William Dargue  A History of BIRMINGHAM Places & Placenames from A to Y

Fox & Dogs Inn

B75 - Grid reference SP123987


The name of the inn here was used as the name of the hamlet at the junction of Mere Green Road and Little Sutton Road to the north-east of Sutton Coldfield. The 1861 Census shows Samuel Langley to have been the publican. 



The Fox & Dogs in 1915. Thanks to David Fowler for permission to use this photograph which is believed to show an ancestor of his uncle, Arthur Bullock. All Rights Reserved.  


The Fox & Dogs on Google Maps Streetview - Click to go to Google Maps
The Fox & Dogs on Google Maps Streetview - Click to go to Google Maps


There were two small farms in this rural area, one of 7 acres (c3ha) and another of just 1 acre (c0.5ha); a grocer/ market gardener lived here and an agricultural labourer and his wife. The area remained rural until after World War 2, and is now considered part of Mere Green. The Fox & Dogs Inn is shown on the 1889 Ordnance Survey map, was rebuilt in the second half of the 20th century, has been much extended and is still a thriving pub to this day.


Foxes have always been the enemies of livestock farmers. 'Official' hunting of foxes began in the Middles Ages when deer were hunted by royalty and by the nobility for sport and for food from the Middle Ages and other people were given or bought permission to hunt other animals considered to be detrimental to deer hunting. These ‘beasts of the chase' included rabbits and hares, wild cats, badgers and squirrels and also foxes. The earliest recorded hunt with hounds was in Norfolk in 1534 when farmers were hunting foxes with dogs to protect their livestock. Packs of trained hunting dogs were in existence by the late 1600s.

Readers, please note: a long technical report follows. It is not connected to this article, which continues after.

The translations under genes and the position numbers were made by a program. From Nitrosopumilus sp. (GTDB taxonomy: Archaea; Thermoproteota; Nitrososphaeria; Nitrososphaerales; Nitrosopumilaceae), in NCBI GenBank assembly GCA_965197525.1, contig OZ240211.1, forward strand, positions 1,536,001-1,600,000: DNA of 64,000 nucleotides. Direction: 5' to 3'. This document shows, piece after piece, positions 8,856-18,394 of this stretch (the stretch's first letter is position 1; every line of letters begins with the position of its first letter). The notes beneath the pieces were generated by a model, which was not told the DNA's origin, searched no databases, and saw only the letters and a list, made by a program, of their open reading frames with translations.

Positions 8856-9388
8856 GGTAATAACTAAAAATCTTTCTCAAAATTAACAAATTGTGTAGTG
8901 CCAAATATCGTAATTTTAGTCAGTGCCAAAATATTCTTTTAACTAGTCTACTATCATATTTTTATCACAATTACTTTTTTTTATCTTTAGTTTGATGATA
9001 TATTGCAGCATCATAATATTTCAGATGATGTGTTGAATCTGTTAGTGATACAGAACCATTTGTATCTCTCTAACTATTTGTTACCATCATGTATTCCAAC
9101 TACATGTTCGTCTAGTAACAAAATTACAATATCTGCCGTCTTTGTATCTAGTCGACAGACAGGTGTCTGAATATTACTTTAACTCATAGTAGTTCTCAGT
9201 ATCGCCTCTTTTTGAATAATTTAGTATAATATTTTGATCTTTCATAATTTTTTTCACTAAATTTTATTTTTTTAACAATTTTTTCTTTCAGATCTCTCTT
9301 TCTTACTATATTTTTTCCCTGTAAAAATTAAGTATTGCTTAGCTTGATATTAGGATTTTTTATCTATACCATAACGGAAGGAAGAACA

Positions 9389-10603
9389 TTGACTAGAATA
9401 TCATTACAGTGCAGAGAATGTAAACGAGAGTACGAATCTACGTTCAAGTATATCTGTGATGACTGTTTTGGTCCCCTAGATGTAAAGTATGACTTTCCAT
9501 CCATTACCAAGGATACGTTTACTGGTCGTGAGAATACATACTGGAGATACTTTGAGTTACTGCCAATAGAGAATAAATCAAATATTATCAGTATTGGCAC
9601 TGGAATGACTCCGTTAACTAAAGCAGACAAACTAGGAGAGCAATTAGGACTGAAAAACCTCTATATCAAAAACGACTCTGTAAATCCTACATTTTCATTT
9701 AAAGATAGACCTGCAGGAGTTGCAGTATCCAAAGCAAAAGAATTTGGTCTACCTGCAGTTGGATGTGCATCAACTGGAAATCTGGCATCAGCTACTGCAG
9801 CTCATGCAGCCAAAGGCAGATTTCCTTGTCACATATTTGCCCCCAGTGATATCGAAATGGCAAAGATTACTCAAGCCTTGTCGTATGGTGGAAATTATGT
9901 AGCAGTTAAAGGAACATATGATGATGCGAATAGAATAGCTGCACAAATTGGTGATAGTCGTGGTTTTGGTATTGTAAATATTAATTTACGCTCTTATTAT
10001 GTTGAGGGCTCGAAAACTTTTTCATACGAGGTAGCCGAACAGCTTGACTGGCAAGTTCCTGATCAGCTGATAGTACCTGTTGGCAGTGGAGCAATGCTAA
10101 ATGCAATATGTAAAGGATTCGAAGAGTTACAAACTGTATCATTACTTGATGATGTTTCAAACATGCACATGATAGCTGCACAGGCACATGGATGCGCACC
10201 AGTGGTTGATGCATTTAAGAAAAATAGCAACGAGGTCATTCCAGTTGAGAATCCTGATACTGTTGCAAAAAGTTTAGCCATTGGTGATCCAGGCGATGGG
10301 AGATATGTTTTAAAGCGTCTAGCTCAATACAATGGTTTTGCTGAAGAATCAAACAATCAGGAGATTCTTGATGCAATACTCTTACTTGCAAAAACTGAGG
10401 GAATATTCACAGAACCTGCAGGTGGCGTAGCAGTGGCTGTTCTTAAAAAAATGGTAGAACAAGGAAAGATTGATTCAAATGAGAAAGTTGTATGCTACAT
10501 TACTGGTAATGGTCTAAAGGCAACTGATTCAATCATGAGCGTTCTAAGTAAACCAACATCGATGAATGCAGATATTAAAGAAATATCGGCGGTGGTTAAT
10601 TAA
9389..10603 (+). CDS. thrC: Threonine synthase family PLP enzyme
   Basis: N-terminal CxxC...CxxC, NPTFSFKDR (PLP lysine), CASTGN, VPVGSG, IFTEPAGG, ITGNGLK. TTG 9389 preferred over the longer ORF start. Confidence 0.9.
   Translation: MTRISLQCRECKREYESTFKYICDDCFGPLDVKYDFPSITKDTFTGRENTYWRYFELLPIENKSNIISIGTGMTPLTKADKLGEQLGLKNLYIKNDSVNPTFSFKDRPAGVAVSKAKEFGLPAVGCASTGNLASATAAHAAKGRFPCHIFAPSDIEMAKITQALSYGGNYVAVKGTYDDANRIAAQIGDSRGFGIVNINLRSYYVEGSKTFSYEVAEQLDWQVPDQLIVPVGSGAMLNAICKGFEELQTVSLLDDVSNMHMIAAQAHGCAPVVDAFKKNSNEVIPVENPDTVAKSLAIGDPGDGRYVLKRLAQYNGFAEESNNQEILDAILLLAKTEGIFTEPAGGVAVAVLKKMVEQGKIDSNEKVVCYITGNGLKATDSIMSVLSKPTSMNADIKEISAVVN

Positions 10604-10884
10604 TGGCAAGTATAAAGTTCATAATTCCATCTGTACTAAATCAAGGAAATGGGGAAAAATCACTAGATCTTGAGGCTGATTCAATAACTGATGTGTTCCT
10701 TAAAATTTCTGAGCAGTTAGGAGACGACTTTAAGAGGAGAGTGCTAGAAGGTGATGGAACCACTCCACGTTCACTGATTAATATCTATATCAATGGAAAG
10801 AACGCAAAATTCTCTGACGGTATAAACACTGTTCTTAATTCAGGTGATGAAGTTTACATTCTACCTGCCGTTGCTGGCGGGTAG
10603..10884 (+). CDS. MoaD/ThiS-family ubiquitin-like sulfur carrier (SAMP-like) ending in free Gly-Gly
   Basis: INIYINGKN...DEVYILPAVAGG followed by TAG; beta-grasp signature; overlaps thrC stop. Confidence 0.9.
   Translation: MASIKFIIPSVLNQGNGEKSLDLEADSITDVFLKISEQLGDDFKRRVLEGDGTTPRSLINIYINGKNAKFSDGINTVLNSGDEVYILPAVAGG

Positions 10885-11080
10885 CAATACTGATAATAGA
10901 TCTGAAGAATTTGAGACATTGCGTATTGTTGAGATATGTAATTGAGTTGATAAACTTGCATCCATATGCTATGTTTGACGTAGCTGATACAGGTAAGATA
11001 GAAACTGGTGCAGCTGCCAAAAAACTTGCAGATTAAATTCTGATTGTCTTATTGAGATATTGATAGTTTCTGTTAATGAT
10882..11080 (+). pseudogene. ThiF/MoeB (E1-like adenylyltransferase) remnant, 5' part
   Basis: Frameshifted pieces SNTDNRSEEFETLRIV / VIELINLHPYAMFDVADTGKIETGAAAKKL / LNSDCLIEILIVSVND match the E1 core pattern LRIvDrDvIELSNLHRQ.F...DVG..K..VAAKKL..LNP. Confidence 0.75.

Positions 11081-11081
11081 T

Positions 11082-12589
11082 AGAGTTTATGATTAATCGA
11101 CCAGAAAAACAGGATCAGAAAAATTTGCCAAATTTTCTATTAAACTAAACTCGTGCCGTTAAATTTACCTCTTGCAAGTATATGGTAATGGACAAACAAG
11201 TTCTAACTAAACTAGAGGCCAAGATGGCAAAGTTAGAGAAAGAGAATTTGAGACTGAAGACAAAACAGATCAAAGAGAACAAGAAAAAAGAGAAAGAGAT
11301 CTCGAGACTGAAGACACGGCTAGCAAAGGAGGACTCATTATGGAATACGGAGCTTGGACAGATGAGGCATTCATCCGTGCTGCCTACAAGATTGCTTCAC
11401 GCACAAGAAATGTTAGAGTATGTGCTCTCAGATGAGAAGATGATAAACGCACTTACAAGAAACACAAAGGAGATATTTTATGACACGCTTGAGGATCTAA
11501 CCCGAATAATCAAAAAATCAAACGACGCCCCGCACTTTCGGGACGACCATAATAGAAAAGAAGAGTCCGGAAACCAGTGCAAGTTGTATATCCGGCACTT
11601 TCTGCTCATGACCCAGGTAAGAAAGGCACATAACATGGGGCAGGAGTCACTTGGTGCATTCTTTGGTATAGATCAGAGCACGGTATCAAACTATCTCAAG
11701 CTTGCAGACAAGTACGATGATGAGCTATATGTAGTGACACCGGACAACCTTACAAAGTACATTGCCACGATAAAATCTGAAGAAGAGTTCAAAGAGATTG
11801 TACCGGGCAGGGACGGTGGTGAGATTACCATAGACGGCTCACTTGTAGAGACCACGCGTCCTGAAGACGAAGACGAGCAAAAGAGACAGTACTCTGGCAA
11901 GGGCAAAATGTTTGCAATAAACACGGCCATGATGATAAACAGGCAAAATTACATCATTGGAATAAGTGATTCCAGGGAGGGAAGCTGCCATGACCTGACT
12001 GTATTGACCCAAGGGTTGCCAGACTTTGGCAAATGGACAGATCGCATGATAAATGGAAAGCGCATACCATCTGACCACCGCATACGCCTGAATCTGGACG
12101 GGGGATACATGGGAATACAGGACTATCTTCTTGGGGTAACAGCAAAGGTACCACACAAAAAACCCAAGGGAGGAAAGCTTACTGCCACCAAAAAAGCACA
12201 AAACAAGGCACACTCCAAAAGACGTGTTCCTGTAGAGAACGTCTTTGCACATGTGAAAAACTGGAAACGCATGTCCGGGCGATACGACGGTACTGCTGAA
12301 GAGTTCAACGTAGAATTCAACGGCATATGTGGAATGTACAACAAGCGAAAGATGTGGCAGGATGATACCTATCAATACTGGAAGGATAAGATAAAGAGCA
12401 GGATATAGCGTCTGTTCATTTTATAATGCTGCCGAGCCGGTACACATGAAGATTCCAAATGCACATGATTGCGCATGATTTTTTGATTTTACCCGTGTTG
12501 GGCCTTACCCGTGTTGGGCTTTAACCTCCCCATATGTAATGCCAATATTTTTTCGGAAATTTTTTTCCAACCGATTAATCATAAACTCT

During the 18th century dogs and horses were bred specifically for hunting. During the 19th century shotguns were improved and used for shooting game and for killing foxes for both pest control and for sport. As pheasant hunting became popular gamekeepers hunted foxes almost to extinction in some areas. This caused those who hunted foxes for sport to create coverts where foxes could breed in safety until their time came to be hunted. During the 20th century fox-hunting as a sport was always controversial. The Hunting Act of 2004 outlawed hunting with dogs in England and Wales.


William Dargue 11.01.2009/ 02.08.2010



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